Offline ethan829

Re: ULA Atlas V 551 - ViaSat-3 - SLC-41 - NET 2020
« Reply #44 on: 10/09/2018 08:34 pm »
FH was considered for performance, however FH has had only one launch - a demo mission without an insured payload.    If the next two FH missions (STP-2 and ARABSAT) would have been successfully completed prior to the decision for ViaSat 3, then the decision for ULA Atlas V may have been different.


ViaSat bought a Falcon Heavy launch before it had flown:
https://www.marketwatch.com/press-release/viasat-selects-spacex-to-launch-viasat-2-satellite-2015-01-12

Offline Aurora

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Re: ULA Atlas V 551 - ViaSat-3 - SLC-41 - NET 2020
« Reply #45 on: 10/09/2018 09:11 pm »
Ethan829 - agree completely on your statement.

At that time, SpaceX was to execute many launches prior to that mission . . . and when that didn't happen, ViaSat switched their mission to Ariane 5 (at great expense).

Technically, ViaSat probably still has a launch contract with some deposit for a Falcon Heavy, and hope to use in the future after two or three successful (and insured - public evaluation of success) mission.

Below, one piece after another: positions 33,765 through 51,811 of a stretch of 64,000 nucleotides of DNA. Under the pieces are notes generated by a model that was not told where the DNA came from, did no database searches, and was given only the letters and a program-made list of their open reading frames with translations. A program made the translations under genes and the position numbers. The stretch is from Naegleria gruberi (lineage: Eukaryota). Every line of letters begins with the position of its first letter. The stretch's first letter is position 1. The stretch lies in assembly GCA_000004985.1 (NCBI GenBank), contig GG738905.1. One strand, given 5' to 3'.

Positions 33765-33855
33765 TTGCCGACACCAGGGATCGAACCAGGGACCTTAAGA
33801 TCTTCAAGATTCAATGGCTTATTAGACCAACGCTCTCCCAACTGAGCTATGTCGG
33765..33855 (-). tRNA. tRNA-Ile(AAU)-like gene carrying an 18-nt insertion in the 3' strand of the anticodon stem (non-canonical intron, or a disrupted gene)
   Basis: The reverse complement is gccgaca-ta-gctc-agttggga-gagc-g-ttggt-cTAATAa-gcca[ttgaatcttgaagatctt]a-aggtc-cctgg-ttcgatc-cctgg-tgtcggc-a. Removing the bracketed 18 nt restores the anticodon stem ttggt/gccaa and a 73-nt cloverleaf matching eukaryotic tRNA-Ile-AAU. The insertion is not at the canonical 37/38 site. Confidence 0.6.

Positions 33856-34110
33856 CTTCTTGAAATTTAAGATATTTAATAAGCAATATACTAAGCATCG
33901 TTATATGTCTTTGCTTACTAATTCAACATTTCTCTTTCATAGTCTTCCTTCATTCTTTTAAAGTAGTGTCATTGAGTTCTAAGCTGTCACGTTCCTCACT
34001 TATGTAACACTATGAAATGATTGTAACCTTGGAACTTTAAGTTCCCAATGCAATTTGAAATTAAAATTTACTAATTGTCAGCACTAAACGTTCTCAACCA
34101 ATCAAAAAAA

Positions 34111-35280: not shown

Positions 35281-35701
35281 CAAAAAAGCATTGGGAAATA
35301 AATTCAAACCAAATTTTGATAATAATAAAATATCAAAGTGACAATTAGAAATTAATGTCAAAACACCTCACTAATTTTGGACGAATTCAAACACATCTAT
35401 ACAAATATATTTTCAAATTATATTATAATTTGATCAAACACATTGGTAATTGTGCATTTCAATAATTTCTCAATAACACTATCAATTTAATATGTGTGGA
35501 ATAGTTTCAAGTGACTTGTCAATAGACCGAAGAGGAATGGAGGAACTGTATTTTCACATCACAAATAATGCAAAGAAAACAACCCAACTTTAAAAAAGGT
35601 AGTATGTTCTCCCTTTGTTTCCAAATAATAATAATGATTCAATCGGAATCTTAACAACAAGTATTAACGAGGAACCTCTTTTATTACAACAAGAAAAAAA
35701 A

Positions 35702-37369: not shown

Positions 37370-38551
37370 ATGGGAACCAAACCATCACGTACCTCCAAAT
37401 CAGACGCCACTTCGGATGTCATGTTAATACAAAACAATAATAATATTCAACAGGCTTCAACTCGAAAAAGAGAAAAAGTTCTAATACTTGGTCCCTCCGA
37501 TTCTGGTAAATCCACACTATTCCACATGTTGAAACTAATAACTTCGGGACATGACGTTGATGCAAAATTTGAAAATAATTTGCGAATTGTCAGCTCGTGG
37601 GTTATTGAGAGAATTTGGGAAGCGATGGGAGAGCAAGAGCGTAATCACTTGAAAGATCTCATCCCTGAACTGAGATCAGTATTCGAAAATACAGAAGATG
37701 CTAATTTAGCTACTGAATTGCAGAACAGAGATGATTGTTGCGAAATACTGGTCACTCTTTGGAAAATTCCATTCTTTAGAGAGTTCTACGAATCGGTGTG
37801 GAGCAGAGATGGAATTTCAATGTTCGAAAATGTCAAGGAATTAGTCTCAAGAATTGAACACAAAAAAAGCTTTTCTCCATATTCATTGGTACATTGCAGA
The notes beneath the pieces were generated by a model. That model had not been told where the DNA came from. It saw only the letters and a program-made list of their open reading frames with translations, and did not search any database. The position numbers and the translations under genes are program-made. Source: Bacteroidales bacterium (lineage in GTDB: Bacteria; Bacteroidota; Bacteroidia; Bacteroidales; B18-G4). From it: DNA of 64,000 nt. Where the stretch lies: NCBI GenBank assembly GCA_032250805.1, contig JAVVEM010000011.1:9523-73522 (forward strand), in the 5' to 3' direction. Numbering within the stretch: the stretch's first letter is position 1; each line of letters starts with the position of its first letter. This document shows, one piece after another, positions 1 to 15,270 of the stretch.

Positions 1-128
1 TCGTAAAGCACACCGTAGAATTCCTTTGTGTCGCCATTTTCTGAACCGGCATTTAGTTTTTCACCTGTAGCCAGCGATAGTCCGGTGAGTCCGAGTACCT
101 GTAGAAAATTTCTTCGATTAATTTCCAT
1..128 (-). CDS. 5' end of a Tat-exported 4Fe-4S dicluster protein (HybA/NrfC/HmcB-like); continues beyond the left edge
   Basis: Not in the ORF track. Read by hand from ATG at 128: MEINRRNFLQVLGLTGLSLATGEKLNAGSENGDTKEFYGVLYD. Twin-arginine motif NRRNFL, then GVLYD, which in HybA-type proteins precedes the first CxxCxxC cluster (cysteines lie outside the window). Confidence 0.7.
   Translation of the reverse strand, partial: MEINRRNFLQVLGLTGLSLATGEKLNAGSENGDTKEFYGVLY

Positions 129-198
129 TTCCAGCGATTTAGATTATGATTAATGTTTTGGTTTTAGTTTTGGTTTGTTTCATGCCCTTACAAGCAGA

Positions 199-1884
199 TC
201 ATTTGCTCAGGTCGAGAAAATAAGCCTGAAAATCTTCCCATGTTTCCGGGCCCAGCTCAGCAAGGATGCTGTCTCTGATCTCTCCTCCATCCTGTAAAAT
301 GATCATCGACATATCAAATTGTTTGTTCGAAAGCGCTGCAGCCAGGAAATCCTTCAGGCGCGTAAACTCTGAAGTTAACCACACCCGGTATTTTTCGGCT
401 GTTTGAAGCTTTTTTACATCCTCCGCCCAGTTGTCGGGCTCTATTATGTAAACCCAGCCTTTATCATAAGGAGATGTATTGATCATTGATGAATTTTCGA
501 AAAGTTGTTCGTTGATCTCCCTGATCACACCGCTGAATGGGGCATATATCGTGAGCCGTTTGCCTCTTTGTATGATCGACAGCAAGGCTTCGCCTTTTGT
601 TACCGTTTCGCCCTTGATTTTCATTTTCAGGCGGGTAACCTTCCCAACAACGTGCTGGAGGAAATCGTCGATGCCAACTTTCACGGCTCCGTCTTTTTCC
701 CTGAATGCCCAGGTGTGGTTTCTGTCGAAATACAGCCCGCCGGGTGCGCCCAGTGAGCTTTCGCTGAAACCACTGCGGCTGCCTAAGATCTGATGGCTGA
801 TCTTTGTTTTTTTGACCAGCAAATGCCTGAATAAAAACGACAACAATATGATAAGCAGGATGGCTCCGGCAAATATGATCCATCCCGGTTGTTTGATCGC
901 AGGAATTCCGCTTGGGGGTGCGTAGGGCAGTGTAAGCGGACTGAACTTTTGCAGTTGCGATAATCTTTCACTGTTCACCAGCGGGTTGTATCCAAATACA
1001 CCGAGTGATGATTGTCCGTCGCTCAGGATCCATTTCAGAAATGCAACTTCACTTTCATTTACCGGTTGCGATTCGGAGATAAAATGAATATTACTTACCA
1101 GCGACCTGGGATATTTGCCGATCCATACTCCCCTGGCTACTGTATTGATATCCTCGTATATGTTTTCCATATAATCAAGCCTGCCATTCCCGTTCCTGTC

Offline envy887

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Re: ULA Atlas V 551 - ViaSat-3 - SLC-41 - NET 2020
« Reply #46 on: 10/10/2018 12:31 am »
Ethan829 - agree completely on your statement.

At that time, SpaceX was to execute many launches prior to that mission . . . and when that didn't happen, ViaSat switched their mission to Ariane 5 (at great expense).

Technically, ViaSat probably still has a launch contract with some deposit for a Falcon Heavy, and hope to use in the future after two or three successful (and insured - public evaluation of success) mission.

The USAF certified Falcon Heavy for NSS flights, after reviewing data from the demo flight. Insurers for FH flights undoubtedly also have reviewed that data, as well as NASA, and other major customers.

I rather doubt that any additional flights will result in a more "public" review of confidential mission data. However, they will allow a better statistical analysis of the data, as well as confirm the reliability of the Block 5 upgrades to FH.

Why does Viasat have such a low tolerance for risk, relative to NASA, USAF, and virtually every other commercial and governmental customer? Do they not purchase insurance? The ~$50 million difference from AV551 to FHR would pay for a lot of insurance.